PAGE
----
FDA has provided an update on the status of its inspections outside of the US in response to the COVID-19 outbreak and announced that it is postponing most foreign inspections through April, effective immediately.
The Food and Drug Administration (FDA) said Tuesday that it is postponing most inspections of foreign manufacturers of pharmaceutical products, medical devices and food imported into the United States. Inspections outside the U.S. deemed mission-critical will still be considered on a case-by-case basis. The agency already had suspended most inspections in China.
The postponement is likely to increase concerns about the US reliance on drugs and ingredients made abroad and about possible shortages due to the novel coronavirus, according to the Washington Post. Not only are many medications used in the United States manufactured overseas, but critical ingredients — and the chemicals used to make them — also are overwhelmingly made in China and other countries.
May impact other FDA responsibilities
The FDA based this decision on a number of factors, including State Department Level 4 travel advisories in which travel is prohibited for U.S. government employees, Centers for Disease Control and Prevention travel recommendations, access restrictions being imposed on foreign visitors by certain countries, guidance from the Office of Personnel Management and the importance of the health and safety of its employees.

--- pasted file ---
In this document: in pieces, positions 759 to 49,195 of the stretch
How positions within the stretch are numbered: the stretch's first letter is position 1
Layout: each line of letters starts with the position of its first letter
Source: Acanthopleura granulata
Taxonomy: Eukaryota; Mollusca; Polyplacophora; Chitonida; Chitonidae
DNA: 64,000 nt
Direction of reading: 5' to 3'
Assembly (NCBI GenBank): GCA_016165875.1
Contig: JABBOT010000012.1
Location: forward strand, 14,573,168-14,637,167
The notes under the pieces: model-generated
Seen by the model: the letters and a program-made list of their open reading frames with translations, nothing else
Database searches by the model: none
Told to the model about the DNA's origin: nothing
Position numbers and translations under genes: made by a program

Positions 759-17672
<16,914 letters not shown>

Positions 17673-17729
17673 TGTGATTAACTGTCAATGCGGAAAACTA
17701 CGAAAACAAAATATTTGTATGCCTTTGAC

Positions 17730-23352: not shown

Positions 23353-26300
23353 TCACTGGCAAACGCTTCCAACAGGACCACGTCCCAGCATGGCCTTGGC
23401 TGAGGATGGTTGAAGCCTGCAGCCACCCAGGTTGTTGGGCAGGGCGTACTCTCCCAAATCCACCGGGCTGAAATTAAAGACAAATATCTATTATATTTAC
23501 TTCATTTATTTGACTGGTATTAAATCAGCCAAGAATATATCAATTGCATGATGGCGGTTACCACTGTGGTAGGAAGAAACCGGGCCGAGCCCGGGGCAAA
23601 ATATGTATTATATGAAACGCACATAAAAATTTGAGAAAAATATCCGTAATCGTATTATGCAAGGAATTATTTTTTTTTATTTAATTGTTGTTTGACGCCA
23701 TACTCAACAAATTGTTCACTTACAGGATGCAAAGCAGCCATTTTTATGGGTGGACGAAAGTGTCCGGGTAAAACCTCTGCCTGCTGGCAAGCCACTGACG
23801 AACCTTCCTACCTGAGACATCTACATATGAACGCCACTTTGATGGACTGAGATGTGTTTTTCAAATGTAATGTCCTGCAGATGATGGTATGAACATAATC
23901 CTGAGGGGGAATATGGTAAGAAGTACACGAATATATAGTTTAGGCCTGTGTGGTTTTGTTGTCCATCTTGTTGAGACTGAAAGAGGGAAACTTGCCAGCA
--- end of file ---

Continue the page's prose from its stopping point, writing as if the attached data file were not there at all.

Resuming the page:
Another critical factor in taking this action is the confidence they have in their ability to maintain oversight over international manufacturers and imported products using alternative tools and methods.
“We are aware of how this action may impact other FDA responsibilities, including product application reviews. We will be vigilant and monitor the situation very closely and will try to mitigate potential impacts from this outbreak in lockstep with the whole of the federal government. We stand ready to resume foreign inspections as soon as feasible,” they write in the statement.
“When we are temporarily not able to physically inspect foreign produced FDA-regulated products or manufacturers, as an interim measure we employ additional tools to ensure the safety of products imported to the U.S., which have proved effective in the past. These include denying entry of unsafe products into the U.S., physical examinations and/or product sampling at our borders, reviewing a firm’s previous compliance history, using information sharing from foreign governments as part of mutual recognition and confidentiality agreements and requesting records “in advance of or in lieu of” on-site drug inspections. For example, we began exercising this authority when we postponed on-the-ground inspections of manufacturers of FDA-regulated products in China earlier in the outbreak. This is all part of the FDA’s multi-pronged and risk-based approach to ensuring quality, as well as compliance, with applicable federal laws and regulations.”